A Handy Checklist for Writers
In his book Brain Train: Studying for Success (London: E & FN Spon, 1996), 164, Richard Palmer offers great insights on how to study... and enjoy it. One example of the information he delivers is this memorable list of Rules of Grammar for Report Writing:
- Remember to never split an infinitive.
- The passive voice should never be used.
- Punctuate run-on sentences properly they are hard to read otherwise.
- Don't use no double negatives.
- Use the semi-colon properly, always use it where it is appropriate; and never where it isn't.
- Reserve the apostrophe for it's proper use and omit it when its not needed.
- Verbs has to agree with their subjects.
- No sentence fragments.
- Proofread carefully to see if you any words out.
- Avoid commas, that are not necessary.
- If you reread your work, you will find on rereading that a lot of repetition can be avoided by rereading and editing.
- A writer must not shift your point of view.
- Give slang the elbow.
- Conversely, it is incumbent upon us to avoid archaisms.
- Don't overuse exclamation marks!!!!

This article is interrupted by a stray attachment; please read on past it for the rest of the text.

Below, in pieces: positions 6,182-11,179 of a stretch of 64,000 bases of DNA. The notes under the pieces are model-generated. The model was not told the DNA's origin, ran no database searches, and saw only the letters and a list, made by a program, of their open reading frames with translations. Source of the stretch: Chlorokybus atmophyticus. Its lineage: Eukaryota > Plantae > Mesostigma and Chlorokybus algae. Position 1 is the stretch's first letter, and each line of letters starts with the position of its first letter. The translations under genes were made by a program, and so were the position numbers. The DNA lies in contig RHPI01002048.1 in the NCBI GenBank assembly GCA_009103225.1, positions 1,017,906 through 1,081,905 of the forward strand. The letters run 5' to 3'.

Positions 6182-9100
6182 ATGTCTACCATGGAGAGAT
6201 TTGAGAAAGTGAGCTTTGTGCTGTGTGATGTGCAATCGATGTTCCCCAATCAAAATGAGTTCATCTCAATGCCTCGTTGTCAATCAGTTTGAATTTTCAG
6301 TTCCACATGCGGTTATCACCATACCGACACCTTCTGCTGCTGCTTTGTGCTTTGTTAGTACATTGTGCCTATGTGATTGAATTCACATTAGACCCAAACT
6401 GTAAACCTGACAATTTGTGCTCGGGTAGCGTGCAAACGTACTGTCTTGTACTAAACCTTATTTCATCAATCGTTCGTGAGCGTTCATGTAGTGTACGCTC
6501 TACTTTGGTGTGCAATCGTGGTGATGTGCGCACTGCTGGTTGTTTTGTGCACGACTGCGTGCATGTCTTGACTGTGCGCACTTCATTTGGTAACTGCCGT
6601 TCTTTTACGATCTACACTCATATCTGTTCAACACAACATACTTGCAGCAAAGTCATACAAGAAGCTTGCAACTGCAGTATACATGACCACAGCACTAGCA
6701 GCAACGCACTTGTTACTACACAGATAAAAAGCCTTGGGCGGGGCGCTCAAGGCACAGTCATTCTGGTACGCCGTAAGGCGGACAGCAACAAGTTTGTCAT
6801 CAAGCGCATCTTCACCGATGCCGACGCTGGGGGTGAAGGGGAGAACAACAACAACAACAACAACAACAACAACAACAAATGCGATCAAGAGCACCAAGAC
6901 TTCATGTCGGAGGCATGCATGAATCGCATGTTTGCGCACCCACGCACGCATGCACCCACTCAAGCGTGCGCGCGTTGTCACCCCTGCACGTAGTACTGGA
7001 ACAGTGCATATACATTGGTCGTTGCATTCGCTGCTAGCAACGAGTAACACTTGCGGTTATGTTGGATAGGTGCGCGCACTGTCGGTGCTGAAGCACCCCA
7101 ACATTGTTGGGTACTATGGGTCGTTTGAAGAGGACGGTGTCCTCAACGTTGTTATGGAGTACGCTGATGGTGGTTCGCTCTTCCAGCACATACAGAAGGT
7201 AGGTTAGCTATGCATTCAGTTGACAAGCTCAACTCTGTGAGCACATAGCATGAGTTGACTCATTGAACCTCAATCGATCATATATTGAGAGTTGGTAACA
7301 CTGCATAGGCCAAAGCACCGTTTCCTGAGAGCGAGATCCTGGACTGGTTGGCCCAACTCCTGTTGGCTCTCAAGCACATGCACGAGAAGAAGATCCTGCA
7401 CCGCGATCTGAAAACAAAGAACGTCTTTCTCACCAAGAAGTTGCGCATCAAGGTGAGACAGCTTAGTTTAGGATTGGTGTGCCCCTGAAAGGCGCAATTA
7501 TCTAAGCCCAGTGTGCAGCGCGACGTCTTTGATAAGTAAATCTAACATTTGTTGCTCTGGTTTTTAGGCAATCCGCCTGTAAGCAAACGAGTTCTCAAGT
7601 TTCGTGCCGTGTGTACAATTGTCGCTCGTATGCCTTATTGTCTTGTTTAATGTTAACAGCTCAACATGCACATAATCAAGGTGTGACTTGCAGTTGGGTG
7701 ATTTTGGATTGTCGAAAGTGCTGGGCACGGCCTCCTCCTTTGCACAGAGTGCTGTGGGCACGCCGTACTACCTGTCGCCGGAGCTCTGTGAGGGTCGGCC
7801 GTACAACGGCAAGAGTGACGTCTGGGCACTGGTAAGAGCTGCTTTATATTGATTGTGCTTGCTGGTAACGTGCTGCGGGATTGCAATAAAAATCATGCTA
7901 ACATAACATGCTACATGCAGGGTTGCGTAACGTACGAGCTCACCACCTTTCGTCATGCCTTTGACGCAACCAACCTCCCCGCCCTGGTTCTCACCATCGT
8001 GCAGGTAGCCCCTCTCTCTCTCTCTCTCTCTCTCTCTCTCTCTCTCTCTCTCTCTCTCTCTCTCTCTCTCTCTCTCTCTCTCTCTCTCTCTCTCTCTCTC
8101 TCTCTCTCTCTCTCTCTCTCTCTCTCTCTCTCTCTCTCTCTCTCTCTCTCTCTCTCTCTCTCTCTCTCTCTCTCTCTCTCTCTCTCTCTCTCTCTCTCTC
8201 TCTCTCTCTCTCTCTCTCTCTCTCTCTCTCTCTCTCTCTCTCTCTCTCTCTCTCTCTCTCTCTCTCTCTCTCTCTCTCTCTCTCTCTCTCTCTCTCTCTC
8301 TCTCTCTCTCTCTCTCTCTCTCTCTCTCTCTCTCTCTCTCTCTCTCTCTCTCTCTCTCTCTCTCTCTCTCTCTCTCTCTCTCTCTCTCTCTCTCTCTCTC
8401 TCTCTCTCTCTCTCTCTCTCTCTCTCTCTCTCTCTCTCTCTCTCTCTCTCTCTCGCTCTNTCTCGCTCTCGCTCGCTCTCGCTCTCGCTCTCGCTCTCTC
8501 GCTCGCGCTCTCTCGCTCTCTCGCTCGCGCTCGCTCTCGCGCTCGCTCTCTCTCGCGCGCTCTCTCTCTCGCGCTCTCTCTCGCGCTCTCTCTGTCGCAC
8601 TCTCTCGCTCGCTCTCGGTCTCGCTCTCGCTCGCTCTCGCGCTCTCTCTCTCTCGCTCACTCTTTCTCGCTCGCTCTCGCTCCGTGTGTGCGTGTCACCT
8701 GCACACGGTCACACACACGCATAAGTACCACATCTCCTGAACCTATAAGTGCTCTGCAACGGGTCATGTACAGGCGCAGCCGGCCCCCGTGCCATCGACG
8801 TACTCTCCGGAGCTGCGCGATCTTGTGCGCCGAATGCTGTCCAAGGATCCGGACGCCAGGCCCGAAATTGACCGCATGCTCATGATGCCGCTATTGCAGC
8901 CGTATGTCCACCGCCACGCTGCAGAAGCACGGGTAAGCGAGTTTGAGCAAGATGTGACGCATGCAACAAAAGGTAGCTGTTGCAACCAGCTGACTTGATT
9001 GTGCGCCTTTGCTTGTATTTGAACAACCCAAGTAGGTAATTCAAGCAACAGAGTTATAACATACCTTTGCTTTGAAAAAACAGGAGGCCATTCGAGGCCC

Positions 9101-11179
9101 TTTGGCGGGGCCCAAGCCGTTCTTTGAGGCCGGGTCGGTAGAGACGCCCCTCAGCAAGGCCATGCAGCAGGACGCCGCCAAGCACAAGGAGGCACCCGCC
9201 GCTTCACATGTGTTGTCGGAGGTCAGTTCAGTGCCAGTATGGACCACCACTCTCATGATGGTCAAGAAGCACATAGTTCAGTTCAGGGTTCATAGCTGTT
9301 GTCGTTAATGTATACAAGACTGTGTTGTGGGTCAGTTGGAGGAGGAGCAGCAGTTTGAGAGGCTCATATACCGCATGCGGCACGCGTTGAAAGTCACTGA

- Place pronouns as close as possible, especially in long sentences, as of 10 onwards or more, to their antecedents.
- Hyphenate between sy-llables; avoid un-necessary hyphens.
- Write all adverbial forms correct.
- Writing carefully: dangling participles must be avoided.
- Steer clear of incorrect forms of verbs that have snuck in the language.
- Take the bull by the hand: always pick on the correct idiom and avoid mixed metaphors.
- Avoid trendy locutions that sound flaky.
- Never, ever use repetitive redundancies.
- Everyone should be careful to use a singular pronoun with singular nouns in their writing.
- If I've told you once, I've told you a thousand times, resist hyperbole.
- Also, avoid awkward or affected alliteration.
- Don't string together too many prepositional phrases unless you are walking through the valley of the shadow of death.
- ""Avoid overuse of quotation marks.""""
- For Christ's sake don't offend your readers' sensibilities.
- Last but not least, avoid clichés like the plague; seek viable alternatives.
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